I’m writing to let you know that I would like to make a bid on your property. I love the area and am committed to buying a house nearby. And your home fits my needs. But given that my offer is well below your asking price, I also feel I owe you an explanation. First, consider the big picture. Nationwide, home prices in the first quarter of 2008 fell 14.1 percent compared with the same period a year earlier, according to the Standard & Poor’s/Case-Shiller U.S. National Home Price Index. That’s the biggest decline in the 20-year history of the data. And just in case you’re wondering, during the housing downturn of the early 1990s, the decline was never worse than 2.8 percent. Not only that, earlier this month, the National Association of Realtors pointed to the huge number of existing homes on the market. As of the end of April, the total number was 4.55 million. At the rate people are buying right now, that represents an 11.2-month supply. So buyers have options right now. A lot of them. I’m no different. Your home is great, but it isn’t unique…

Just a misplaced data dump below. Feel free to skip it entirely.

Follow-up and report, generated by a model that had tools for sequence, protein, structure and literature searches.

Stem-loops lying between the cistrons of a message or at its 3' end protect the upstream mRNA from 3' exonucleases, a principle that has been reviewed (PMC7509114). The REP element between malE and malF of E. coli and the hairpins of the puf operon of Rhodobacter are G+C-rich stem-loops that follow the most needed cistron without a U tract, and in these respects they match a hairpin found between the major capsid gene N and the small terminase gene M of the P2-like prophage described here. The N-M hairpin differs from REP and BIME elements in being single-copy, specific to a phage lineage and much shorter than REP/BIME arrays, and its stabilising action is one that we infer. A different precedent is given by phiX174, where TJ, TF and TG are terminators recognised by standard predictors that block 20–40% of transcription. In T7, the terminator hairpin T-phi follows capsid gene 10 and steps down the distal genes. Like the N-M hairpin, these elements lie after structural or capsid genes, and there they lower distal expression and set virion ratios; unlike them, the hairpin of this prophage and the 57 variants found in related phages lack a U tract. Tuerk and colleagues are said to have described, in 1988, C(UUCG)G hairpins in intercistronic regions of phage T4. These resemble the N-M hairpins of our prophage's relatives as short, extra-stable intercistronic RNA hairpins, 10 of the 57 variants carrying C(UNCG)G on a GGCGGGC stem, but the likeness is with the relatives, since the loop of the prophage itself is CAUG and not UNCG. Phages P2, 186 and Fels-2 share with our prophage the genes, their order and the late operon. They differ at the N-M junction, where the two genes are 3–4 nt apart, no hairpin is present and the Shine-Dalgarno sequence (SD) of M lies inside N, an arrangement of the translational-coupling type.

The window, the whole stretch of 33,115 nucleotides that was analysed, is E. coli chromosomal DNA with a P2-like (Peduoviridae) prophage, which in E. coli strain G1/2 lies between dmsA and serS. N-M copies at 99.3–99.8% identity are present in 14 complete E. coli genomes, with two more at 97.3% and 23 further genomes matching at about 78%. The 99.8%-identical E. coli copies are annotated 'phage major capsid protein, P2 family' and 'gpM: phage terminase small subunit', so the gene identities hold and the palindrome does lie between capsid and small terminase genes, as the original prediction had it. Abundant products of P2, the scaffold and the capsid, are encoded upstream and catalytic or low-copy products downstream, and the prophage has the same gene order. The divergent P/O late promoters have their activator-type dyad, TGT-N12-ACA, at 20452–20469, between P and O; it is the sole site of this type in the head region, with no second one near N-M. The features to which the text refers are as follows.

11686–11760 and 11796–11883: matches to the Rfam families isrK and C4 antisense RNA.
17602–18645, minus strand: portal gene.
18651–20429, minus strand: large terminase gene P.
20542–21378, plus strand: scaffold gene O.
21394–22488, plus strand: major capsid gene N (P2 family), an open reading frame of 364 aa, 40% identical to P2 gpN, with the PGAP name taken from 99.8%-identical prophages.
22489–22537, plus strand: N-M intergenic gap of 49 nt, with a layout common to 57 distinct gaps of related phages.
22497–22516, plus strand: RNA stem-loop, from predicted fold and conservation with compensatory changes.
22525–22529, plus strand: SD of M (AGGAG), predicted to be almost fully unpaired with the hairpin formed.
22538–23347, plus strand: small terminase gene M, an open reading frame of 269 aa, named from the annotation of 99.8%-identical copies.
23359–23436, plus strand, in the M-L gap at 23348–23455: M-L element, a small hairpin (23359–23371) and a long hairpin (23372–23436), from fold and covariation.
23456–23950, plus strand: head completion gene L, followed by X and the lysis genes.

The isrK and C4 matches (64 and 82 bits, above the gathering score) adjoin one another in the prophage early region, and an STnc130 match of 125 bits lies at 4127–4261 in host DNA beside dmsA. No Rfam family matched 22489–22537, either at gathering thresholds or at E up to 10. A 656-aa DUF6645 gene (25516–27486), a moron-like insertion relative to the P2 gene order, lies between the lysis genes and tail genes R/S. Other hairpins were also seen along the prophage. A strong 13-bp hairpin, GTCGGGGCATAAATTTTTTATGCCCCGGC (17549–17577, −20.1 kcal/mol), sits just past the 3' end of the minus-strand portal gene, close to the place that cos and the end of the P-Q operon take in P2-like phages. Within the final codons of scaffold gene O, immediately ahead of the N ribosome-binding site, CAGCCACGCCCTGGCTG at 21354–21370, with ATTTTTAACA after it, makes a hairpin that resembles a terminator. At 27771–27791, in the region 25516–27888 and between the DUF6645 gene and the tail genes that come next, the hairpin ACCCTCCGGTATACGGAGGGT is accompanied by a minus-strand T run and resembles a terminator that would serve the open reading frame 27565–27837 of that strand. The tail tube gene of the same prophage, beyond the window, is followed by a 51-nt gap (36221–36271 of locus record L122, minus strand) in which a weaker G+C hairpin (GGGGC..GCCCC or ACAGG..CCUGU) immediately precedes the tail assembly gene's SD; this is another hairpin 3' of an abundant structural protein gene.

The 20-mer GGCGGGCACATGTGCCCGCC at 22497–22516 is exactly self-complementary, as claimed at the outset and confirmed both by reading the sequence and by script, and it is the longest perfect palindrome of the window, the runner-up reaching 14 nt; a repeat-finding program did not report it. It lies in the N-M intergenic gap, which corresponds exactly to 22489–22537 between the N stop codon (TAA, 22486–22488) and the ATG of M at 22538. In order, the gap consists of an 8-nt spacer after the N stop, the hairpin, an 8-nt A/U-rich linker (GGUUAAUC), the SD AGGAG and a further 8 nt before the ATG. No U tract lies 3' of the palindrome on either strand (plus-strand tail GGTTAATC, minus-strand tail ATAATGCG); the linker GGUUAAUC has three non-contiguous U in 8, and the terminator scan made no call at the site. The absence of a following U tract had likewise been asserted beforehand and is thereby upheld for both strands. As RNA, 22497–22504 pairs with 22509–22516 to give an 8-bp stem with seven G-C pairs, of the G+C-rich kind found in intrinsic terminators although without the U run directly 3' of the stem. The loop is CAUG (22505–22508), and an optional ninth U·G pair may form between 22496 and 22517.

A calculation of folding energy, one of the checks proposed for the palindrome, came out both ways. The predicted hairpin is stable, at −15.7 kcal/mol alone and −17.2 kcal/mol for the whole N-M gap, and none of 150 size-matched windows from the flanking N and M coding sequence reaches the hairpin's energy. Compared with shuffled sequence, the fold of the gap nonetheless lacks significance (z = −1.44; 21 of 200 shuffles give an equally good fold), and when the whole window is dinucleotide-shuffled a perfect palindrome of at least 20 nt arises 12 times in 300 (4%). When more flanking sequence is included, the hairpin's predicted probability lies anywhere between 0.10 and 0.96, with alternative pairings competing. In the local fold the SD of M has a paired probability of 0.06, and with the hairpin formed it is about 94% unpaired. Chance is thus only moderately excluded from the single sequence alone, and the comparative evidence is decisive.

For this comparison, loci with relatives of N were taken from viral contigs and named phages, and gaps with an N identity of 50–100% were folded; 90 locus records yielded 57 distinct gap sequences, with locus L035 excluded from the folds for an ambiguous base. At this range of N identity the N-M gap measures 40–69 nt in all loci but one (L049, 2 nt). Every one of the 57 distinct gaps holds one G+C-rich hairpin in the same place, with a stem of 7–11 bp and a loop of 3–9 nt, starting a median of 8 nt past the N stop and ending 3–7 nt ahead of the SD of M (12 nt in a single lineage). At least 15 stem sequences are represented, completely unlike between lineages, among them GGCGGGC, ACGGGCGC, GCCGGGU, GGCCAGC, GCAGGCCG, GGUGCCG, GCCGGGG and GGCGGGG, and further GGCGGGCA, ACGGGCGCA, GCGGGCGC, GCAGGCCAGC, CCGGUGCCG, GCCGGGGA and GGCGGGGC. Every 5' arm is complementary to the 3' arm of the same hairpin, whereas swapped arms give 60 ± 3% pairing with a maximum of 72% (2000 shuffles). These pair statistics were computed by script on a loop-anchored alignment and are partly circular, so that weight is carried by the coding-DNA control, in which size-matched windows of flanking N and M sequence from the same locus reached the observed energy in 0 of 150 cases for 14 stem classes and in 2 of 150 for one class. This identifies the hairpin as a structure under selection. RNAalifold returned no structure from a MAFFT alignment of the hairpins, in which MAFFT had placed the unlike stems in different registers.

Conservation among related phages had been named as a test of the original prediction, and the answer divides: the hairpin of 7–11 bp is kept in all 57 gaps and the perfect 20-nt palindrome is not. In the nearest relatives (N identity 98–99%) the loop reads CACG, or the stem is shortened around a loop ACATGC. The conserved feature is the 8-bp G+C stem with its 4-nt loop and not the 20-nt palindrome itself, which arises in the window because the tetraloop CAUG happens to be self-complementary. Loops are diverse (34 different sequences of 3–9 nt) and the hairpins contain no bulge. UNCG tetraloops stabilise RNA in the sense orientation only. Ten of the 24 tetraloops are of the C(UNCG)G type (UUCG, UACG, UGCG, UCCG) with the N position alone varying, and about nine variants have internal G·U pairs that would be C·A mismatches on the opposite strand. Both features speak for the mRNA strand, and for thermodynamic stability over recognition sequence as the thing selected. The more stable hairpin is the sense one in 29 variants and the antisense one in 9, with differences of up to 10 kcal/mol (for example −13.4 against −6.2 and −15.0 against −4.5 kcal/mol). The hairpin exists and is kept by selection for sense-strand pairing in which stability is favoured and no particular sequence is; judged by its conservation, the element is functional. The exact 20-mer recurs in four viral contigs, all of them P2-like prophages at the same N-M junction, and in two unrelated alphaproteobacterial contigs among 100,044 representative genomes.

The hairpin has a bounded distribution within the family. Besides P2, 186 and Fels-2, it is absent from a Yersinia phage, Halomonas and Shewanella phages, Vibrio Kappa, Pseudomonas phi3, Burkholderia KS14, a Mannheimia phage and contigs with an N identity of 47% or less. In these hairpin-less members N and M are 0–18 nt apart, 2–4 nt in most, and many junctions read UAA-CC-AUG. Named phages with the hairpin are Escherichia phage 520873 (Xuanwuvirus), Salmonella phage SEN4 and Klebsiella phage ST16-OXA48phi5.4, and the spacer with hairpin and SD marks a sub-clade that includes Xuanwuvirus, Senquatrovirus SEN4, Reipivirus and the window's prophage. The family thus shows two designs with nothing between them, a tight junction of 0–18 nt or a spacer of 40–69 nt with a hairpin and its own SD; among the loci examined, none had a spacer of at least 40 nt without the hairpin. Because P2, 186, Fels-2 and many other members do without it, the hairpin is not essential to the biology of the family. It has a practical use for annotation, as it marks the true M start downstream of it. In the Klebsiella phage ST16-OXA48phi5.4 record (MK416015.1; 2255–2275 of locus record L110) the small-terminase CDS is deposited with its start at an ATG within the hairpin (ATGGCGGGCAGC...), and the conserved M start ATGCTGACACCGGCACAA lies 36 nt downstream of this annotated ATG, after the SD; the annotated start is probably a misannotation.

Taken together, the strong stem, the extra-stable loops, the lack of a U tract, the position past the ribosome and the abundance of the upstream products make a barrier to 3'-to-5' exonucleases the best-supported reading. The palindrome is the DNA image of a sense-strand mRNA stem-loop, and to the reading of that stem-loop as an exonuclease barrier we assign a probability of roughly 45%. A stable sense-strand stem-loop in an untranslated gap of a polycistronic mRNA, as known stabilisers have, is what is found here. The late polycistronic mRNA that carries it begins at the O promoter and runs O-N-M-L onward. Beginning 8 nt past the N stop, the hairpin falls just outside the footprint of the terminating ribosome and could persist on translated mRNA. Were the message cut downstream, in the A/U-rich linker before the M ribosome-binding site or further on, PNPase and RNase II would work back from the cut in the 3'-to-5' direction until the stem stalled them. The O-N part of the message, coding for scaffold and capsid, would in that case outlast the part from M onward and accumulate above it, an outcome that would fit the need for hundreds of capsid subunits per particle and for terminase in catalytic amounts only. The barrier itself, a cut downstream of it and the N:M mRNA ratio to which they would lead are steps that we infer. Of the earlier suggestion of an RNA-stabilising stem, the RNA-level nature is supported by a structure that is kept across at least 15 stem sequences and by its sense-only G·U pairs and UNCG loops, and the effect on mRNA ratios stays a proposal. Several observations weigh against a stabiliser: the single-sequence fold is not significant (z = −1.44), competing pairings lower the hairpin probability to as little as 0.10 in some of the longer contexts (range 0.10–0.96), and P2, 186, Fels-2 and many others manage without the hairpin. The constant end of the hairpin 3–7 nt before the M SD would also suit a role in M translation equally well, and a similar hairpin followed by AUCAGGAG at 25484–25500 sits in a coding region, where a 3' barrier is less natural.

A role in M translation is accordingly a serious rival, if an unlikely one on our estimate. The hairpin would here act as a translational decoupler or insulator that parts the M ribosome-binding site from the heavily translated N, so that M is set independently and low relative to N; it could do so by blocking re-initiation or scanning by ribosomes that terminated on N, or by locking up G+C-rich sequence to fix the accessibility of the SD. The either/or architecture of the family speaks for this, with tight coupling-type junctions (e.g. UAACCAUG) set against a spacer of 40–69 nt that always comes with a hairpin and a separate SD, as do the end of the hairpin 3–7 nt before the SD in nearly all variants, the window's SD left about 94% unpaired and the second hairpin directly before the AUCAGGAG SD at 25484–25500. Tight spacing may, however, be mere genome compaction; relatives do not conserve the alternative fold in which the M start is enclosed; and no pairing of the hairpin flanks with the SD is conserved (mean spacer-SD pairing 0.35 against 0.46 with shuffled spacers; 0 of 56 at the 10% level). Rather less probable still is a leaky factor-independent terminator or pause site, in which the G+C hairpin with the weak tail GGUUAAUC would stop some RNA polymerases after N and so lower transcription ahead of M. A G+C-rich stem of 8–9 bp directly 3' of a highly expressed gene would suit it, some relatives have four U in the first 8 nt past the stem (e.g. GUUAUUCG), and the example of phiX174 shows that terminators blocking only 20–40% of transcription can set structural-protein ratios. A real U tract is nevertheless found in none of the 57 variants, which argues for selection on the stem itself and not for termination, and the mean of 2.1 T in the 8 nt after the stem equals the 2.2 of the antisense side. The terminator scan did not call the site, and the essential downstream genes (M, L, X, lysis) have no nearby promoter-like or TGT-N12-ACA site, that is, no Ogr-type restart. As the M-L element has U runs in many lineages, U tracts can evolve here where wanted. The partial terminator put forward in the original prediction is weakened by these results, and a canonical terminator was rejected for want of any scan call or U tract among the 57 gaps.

There may be an upside to the nasty wave of foreclosures inundating markets across the United States, according to a Wall Street Journal article. Basically, the wounded real estate market may partially heal itself if the flood of forcs results in hefty price dropsâ€”a trend that already seems to be taking hold. Last month the National Association of Realtors recorded a 2.9 percent increase in sales of previously occupied homes over January, the first rise since July, and the median home sales price dropped 8.2 percent. The big question right now is whether prices will drop low enough to keep up with unsold inventory. According to some, the price drops could be good news for middle-class buyers, many of whom couldn’t afford to buy properties during the boom years. There’s also the possibility that investors will start to swoop in and buy foreclosures in bulk, banking on eventual appreciation. On a side note, the chart above, included in the article, doesn’t present a pretty picture of the New York-New Jersey foreclosure scene, though a lot of these are presumably in the ‘burbs and exurbs. Wave of Foreclosures Drives Prices Lower, Lures Buyers [WSJ] Graphic From First American CoreLogic, c/o The Journal.